“It is not the critic who counts; not the man who points out how the strong man stumbles, or where the doer of deeds could have done better.
The credit belongs to the man who is actually in the arena, whose face is marred by dust and sweat and blood; who strives valiantly; who errs, who comes short again and again,
Because there is no effort without error and shortcoming; but who does actually strive to do the deeds; who knows great enthusiasms, the great devotions; who spends himself in a worthy cause;
Who at best knows in the end the triumph of high achievement, and who at the worst, if he fails, at least fails while daring greatly…”
This famous quote, is from Theodore Roosevelt’s speech “Citizenship in a Republic” on April 23, 1910. Recently brought back to our attention in the writings of Brené Brown’s New York Times bestseller “Daring greatly: How the courage to be vulnerable transforms the way we live, love, parent, and lead,” offers insight to the importance of patience, perseverance, and resilience when pursing “high achievement;” for our purposes, the process of completing a dissertation. (Interestingly, this speech was delivered at The Sorbonne, a University in Paris where the founder of the Lasalllian schools, St. John Baptiste De Lasalle, had studied in 1670-1672.)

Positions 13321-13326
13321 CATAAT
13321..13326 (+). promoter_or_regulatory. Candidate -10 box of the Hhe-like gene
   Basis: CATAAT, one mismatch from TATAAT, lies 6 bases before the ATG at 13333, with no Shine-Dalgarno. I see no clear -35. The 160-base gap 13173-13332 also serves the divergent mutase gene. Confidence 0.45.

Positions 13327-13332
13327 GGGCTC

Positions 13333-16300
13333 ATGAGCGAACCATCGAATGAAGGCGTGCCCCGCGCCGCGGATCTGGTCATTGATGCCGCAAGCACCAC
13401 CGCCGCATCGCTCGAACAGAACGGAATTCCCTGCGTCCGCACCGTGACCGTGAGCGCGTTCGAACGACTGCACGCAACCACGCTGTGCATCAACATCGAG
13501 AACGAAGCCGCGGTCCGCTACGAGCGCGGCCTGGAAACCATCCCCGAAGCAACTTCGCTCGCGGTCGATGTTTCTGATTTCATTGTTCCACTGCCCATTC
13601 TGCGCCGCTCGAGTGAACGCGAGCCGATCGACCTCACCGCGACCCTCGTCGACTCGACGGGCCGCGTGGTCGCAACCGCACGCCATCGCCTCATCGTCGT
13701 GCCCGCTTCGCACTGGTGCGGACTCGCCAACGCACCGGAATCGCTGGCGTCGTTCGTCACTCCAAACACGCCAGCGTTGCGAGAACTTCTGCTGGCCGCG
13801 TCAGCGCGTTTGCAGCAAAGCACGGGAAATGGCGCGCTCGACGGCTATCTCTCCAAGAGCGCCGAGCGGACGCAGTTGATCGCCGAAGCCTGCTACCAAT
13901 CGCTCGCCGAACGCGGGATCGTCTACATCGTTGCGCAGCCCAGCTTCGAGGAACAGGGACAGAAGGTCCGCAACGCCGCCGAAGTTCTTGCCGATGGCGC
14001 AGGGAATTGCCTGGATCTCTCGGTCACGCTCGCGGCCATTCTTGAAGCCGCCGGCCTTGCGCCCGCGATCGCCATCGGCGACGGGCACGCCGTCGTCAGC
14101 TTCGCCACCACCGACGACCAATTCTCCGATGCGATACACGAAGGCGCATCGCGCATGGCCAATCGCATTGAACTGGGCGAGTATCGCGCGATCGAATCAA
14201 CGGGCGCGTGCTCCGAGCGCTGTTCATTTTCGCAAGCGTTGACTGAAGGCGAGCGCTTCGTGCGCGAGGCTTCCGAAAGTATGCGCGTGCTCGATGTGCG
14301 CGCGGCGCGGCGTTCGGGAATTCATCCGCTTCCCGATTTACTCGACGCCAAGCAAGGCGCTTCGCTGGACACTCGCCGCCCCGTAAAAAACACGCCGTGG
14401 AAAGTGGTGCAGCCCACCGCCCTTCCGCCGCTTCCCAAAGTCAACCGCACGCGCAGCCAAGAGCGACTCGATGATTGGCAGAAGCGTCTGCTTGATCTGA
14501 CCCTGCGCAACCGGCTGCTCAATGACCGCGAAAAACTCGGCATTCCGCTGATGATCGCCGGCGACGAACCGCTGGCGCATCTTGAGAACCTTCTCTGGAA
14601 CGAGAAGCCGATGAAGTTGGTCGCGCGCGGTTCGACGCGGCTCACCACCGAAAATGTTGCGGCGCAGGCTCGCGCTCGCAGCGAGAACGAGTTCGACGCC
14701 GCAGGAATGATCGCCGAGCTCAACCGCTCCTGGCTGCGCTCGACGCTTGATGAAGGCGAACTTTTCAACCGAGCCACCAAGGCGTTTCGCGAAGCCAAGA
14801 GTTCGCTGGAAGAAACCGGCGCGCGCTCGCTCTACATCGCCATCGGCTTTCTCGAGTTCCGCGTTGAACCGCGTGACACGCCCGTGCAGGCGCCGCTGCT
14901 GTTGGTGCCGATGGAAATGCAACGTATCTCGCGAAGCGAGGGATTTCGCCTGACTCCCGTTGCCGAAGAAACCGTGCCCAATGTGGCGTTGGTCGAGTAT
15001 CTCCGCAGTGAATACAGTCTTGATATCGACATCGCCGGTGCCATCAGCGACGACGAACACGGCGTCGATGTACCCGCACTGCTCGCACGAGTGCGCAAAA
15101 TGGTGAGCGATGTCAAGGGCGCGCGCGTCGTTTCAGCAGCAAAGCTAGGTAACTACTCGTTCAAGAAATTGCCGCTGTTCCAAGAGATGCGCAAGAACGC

In a Lasalllian educational approach, patience is presented as one of the twelve virtues of a good teacher. Patience is a virtue that helps us “overcome” the challenges of life; including those challenges in our teaching, research, and writing. As the Roosevelt quote suggests, it is the very act of continuing to respond to challenge, with good spirit, resolve, critical and flexible thinking, and a continued focus toward positive progress that is where we are flourishing in a state of “flow” and at our best.
Conducting original research and writing a dissertation is a lengthy process. We (the faculty) hope the process also is transformative to your thinking. This transformation brings change, process, and challenges. You must orchestrate the many variables of methodology, participants, data collection, statistics and analysis, interpretation, writing in APA, and of course, scheduling time for and understanding commentary and feedback from your committee members. Students sometimes ask us, “How fast can I write a dissertation?” After cringing, our general answer is: “The real question you should ask is ‘how can I write a dissertation well?’” I think both Theodore Roosevelt and St. John Baptiste De Lasalle would agree with our approach to dissertation writing: engage fully in the process, commit yourself to a worthy cause in research, and dare greatly.
Brown, B. (2012). Daring greatly: How courage to be vulnerable transforms the way we live, love, parent and
lead. New York, NY: Gotham 978-1-592-40733-0.